Stacatto C2 Duo
The fine lines and quality components come at a cost. But the result is an elegant, accurate, and reliable carry pistol that hits way above its weight class.

Since then, carry optics and mounting options have evolved exponentially, making the C2 our first encounter with a Staccato pistol available with three sighting configuration options. If you still prefer a front blade and rear notch, it can be had with a dedicated irons slide. But the C2’s extra girth also permits the use of Staccato’s trademark DUO optics mounting system, which will accept either Leupold’s Deltapoint or anything that uses a Trijicon RMR footprint. In the case of this pistol, there’s a third option available. 

At SHOT Show 2020, we ran a version of the single-stack gun equipped with the ultra-compact Sig Romeo Zero optic. Staccato calls the streamlined mounting system used on that gun their Carry Optics mounting system and can mount the Sig Romeo Zero in addition to the Shield RMSc and Holosun K-series optics — all of which will co-witness with the factory irons. This system will also be available on the double-stack C2 for those who prefer to go micro-sized with their optics. Our first experience with the C2 was with this micro-mounting system and a Romeo Zero. The size difference, compared to something like an RMR, is noticeable and will help reduce the potential for printing or snagging on cover garments. But after a couple range days and some time in a carry holster, we settled on a DUO-equipped C2 running a larger Holosun 507 v2. For our carry methods and body type, the larger optic presented no issue, and the bigger window made dot acquisition much easier.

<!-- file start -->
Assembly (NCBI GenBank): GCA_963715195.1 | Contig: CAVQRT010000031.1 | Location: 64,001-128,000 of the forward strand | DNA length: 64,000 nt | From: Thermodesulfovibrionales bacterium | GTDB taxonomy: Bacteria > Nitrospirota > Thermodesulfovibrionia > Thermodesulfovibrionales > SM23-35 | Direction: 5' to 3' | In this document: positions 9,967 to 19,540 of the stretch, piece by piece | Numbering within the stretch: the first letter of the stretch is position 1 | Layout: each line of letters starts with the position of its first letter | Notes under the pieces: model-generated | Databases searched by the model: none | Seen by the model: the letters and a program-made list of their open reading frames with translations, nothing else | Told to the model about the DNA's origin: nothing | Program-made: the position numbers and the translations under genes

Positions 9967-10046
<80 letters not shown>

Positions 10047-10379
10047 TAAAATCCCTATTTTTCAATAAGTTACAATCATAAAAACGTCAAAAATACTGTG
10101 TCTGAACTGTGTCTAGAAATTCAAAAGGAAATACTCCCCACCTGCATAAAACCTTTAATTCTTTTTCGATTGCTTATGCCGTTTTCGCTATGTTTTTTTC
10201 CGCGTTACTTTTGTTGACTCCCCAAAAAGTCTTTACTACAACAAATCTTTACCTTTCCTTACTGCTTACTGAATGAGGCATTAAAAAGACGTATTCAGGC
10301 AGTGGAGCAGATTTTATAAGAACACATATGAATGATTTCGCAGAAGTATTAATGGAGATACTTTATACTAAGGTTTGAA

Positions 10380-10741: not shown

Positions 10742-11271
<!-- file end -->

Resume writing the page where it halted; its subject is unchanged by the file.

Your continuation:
One of the gripes we heard about the first generation of the DUO system was the thickness of its mounting plate for RMR-footprint optics. These plates were purposely overbuilt for end users who may literally be roping out of helicopters or rappelling down buildings with their Staccatos. But it was a complaint all the same. Engineers addressed this system with the 2020 DUO revision, trimming the plate down to 0.2 inch in thickness — better for sure, but not enough for some. Enter C&H Precision Weapon Systems, an aftermarket machine shop that specializes in producing tough, ultralow-profile optics-mounting plates for a variety of red-dot-ready pistols. Their Staccato mounting plate is a measly 0.1-inch thick, featuring an integrated rear sight designed by Staccato pro shooter Hilton Yam of 10-8 Precision. C&H sent us one of these plates, which we sandwiched between our test gun and the 507C before hitting the range for another round of testing.